Morris v. McAleer et al

Filing 22

Order AFFIRMING the order of the bankruptcy judge dated 12/15/14 denying the motion of David Glenn Morris to reconsider the dismissal of his Chapter 13 bankruptcy case as set out. Signed by Judge Callie V. S. Granade on 9/2/2015. (copy mailed to Appellant on 9/3/15) (tot)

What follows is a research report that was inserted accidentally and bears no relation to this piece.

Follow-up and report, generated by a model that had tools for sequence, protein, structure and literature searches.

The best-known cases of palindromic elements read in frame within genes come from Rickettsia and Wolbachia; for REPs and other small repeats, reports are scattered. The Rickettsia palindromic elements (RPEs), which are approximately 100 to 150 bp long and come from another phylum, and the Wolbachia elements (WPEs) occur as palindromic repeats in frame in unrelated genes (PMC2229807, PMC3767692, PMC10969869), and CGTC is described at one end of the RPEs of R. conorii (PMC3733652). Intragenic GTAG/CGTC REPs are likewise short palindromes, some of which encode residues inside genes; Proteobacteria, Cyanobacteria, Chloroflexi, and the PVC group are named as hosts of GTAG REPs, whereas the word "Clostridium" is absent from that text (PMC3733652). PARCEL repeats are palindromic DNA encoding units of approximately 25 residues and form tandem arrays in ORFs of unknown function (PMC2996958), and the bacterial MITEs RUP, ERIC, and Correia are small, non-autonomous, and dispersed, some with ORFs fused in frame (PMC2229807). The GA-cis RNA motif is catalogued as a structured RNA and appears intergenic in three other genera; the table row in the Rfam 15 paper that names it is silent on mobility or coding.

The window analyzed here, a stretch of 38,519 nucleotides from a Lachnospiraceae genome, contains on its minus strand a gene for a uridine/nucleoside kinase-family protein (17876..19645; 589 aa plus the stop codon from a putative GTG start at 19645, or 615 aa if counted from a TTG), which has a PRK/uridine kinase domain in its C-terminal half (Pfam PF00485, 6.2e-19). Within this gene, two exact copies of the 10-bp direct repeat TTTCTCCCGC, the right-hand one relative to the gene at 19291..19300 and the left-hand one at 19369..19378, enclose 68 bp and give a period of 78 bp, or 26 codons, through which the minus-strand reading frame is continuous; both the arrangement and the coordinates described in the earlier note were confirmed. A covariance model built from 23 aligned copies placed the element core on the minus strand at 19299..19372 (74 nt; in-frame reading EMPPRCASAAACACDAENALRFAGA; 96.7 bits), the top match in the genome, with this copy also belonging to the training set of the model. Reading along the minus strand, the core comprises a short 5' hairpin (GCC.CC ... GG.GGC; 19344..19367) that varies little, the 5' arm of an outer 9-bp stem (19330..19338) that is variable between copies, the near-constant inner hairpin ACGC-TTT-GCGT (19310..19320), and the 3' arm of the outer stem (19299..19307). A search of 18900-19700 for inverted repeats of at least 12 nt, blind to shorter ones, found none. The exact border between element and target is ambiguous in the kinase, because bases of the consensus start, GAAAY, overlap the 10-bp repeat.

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IN THE UNITED STATES DISTRICT COURT FOR THE SOUTHERN DISTRICT OF ALABAMA SOUTHERN DIVISION DAVID GLENN MORRIS, Appellant, vs. DANIEL B. O’BRIEN, et al., Appellees. ) ) ) ) ) CIVIL ACTION NO. 14-604-CG-B ) ) Bankr. Case. No. 14-01944-MAM-13 ) ) ORDER This matter is before the court as an appeal from the bankruptcy court, pursuant to 28 U.S.C. § 158.1 The parties have filed appellate briefs, which the court has carefully reviewed. The Court has determined that the facts and legal arguments are adequately presented in the briefs and the record and that the decisional process would not be significantly aided by oral argument. As will be explained below, this Court finds that the bankruptcy court did not err in deciding to dismiss Appellant’s bankruptcy case and to deny Appellant’s motion to reconsider that dismissal. As such, the decision of the U.S. Bankruptcy Court on appeal is due to be affirmed. The Court notes that the notice of appeal states that the appeal is under 158(a) or (b). Under 158(a) an appeal is directed to the district court. Section 158(b) provides that an appeal may be made to a bankruptcy appellate panel. Such panels, which are typically created at the determination of each individual circuit, are comprised of bankruptcy judges and replace the district court in the appellate chain unless one of the parties opts to have the appeal heard by the district court instead. However, the Eleventh Circuit has not established a bankruptcy appellate panel. Thus, although the notice stated that it was under § 158(a) or (b), it is clear that the appeal was to district court. 1 I. Bankruptcy Court Decision Appellant, David Glenn Morris, appeals from the judgment order or decree of the bankruptcy judge dated December 15, 2014. (Doc. 1, p. 2). In the December 15, 2014 order, Judge Mahoney denied Morris’ motion to reconsider the dismissal of his bankruptcy case. (Doc. 5, p. 380-382). Judge Mahoney stated that the facts were as follows: Mr. Morris filed this chapter 13 case pro se on June 16, 2014. He has failed to file numerous documents required to be filed in a case. He has not filed certificates of service as to many of the pleadings he has filed. He has failed to file 2011, 2012 and 2013 federal tax returns according to the IRS. Mr. Morris states he has filed them. He admits he filed as a single person; but he is married. At a hearing on December 3, 2014, he brought to court a divorce petition which he had just filed. Mr. Morris was required to commence making chapter 13 payments in July 2014. His chapter 13 plan states that he will pay $394.06 per month to creditors. At dismissal, he had made 2 payments of 5. After dismissal, according to the documents attached to his motion to reconsider, he had submitted 1 more payment. Even with that payment, he was 2 payments behind. The plan proposed by Mr. Morris was not confirmable as filed. Technique Auto Sales had filed a valid objection to the plan; the Chapter 13 Trustee opposed the plan due to lack of feasibility and lack of payments; and the United States had filed a motion to dismiss the case due to failure to file tax returns. On December 4, 2014, the Court granted the motion of the United States to dismiss the case. Mr. Morris filed his motion to reconsider on December 12, 2014. Mr. Morris’ Motion to Reconsider states that he had made 3 payments to the trustee. It also states he had paid the IRS. (Doc. 5, pp. 377-378). Judge Mahoney found that even with an additional payment, Mr. Morris was still at least two payments behind. (Doc. 5, p. 378). Judge Mahoney also found that even if Morris had made payments to the IRS, he had still not filed the proper returns for a married man. (Doc. 5, p. 378). Additionally, Morris’ plan remained “unconfirmable due to the objections of the Chapter 13 Trustee and 2 Technique Auto Sales.” (Doc. 5, p. 378). The bankruptcy judge then concluded that Morris’ motion for reconsideration raised no issues that were not or could not have been raised at the prior hearing and should therefore be denied without a hearing. II. Standard of Review A bankruptcy court's findings of fact are reviewed for clear error, and its legal conclusions and any mixed questions of law and fact are reviewed de novo. Educ. Credit Mgmt. v. Mosley (In re Mosley), 494 F.3d 1320, 1324 (11th Cir. 2007); Christopher v. Cox (In re Cox), 493 F.3d 1336, 1340 n. 9 (11th Cir. 2007). “The district court makes no independent factual findings,” but instead reviews “the bankruptcy court's factual determinations under the ‘clearly erroneous' standard.” In re Colortex Industries, Inc., 19 F.3d 1371, 1374 (11th Cir. 1994) (citation omitted). A finding of fact “is clearly erroneous when although there is evidence to support it, the reviewing court on the entire evidence is left with the definite and firm conviction that a mistake has been committed.” Anderson v. City of Bessemer City, N.C., 470 U.S. 564, 573 (1985) (citation, internal quotation marks, and alterations omitted). As the reviewing court, this court must give “due regard to the bankruptcy court's opportunity to judge the credibility of the witnesses.” In re Englander, 95 F.3d 1028, 1030 (11th Cir. 1996). An appellate court may affirm the lower court “where the judgment entered is correct on any legal ground regardless of the grounds addressed, adopted or rejected” by the lower court. Bonanni Ship Supply, Inc. v. United States, 959 F.2d 1558, 1561 (11th Cir. 1992). 3 III. Discussion In Mr. Morris’ appeal brief, he contends that the bankruptcy court did not have jurisdiction when it dismissed his case because he had appealed an order of the bankruptcy court and the bankruptcy court had therefore lost jurisdiction over related matters. On July 25, 2014, the bankruptcy judge granted relief from the stay to Federal Home Loan Mortgage Corporation. (Doc. 5, p. 228; Bankr. Doc. 47). On July 31, 2014, Morris appealed the bankruptcy court’s relief from stay order. (Doc. 5, p. 235; Bankr. Doc. 51). Morris’ appeal remained pending when his bankruptcy case was dismissed on December 4, 2014, as well as when his motion to reconsidered was denied on December 15, 2014. However, “proceedings in bankruptcy should not halt merely because interlocutory orders are appealed.” Futch v. Roberts (In re Roberts), 291 F. App'x 296, 298 (11th Cir. 2008) (quoting Mavity v. Assoc. Disc. Corp., 320 F.2d 133, 136 (5th Cir. 1963)). “Instead, ‘a case should continue to be adjudicated on the merits by [the bankruptcy court] unless the order appealed from was of such a nature as to render further proceedings useless.’ ” Id. (quoting Mavity supra). “The filing of a notice of appeal to a district court divests a bankruptcy court of jurisdiction to proceed with matters raised by such appeal but not as to matters that are ‘uniquely separable’ from and collateral to the merits of the appeal.” State Farm Mutual Automobile Ins. Co. v. Brown (In re Brown), 2007 WL 3326684, at *1 (M.D. Fla. Nov. 6, 2007) (citations omitted). In the instant case, the appeal of the relief from stay did not render further proceeding in Morris’ bankruptcy case useless. Morris’ bankruptcy case proceeded 4 for more than four months after the appeal and was eventually dismissed based on reasons collateral to the appeal. The merits of the appeal were unrelated to Morris’ continued failure to file numerous documents required to be filed in his case or his failure to make the required payments under his Chapter 13 plan. This Court finds that the bankruptcy court had jurisdiction to proceed with Morris’ case and to ultimately dismiss his case while the appeal was still pending. Morris also states that the “assigned trustee failed or refused to protect the entrusted inventory estate of David Morris and all of David Morris’ inventory and estate was liquidated or missing from the touch or domain of David Morris.” (Doc. 17, p. 1). Morris argues that “the Trustee did not have a judicial right to abandon or do away with the inventory/estate assets of David Morris.” (Doc. 17, p. 2). It is unclear what Morris is trying to say. Morris filed bankruptcy under Chapter 13. His assets were not liquidated under Chapter 7. In a Chapter 13 bankruptcy, unless otherwise provided in a confirmed plan, “the debtor shall remain in possession of all property of the estate.” 11 U.S.C. § 11306(b). The Chapter 13 Trustee only receives plan payments from the debtor. See 11 U.S.C. §§ 1322(a)(1), 1326(a)(1)(A). The Trustee did not abandon or do away with property of Mr. Morris’ estate. Morris cites to Federal Rules of Bankruptcy Procedure 7062 and 6004(h) and then states that “staying the enforcement of an Order Pending Appeal is not only understood in law but followed by honest and competent judicial official and assigned Trustee.” Rule 7062 provides that an appellant may obtain a stay when an 5 appeal is taken. See FED. R. BANKR. P. 7062(d)-(e). Morris had moved for a stay of the order granting relief from stay to Federal Home Loan Mortgage Corporation, which was denied on August 7, 2014. (Bankr. Docs. 54, 57). Morris did not appeal the denial of his motion for stay and the time for appeal of that order has expired. See FED.R.BANKR.P. 8002(a) (“Except as provided in subdivisions (b) and (c) [which are not applicable here], a notice of appeal must be filed with the bankruptcy clerk within 14 days after entry of the judgment, order, or decree being appealed.”). Thus, although a stay may sometimes be obtained upon an appeal, Morris did not obtain one here. Rule 6004(h) states that “[a]n order authorizing the use, sale, or lease of property other than cash collateral is stayed until the expiration of 14 days after entry of the order, unless the court orders otherwise.” It is unclear how Morris contends that this rule applies to his case. The Court finds it does not affect the merits of the bankruptcy court’s dismissal of his case. None of Morris’ arguments show that the bankruptcy court erred in dismissing his bankruptcy case or in refusing to reinstate his case upon his motion for reconsideration. Morris ignored numerous notices and orders from the court and failed to comply with the requirements of Chapter 13 even though he was given ample opportunity to correct the deficiencies. Morris’ continual failures constitute “cause” for dismissal as they resulted in an “unreasonable delay by the debtor that is prejudicial to creditors.” 11 U.S.C. § 1307(c)(1). There was also “cause” for Morris’ case to be dismissed due to his “failure to commence making timely 6 payments.” 11 U.S.C. § 1307(c)(4). Morris’ repeated failure to comply with rules and orders of the bankruptcy court was good cause to dismiss his case. Because Morris has not shown that the facts relied upon by the bankruptcy court were clearly erroneous or that the court erred in dismissing his case and denying his motion to reconsider the dismissal, the decision of the bankruptcy court should be affirmed. IV. Conclusion For the reasons stated above, the order of the bankruptcy judge dated December 15, 2014, denying the motion of David Glenn Morris to reconsider the dismissal of his Chapter 13 bankruptcy case, is hereby AFFIRMED. DONE and ORDERED this 2nd day of September, 2015. /s/ Callie V. S. Granade UNITED STATES DISTRICT JUDGE 7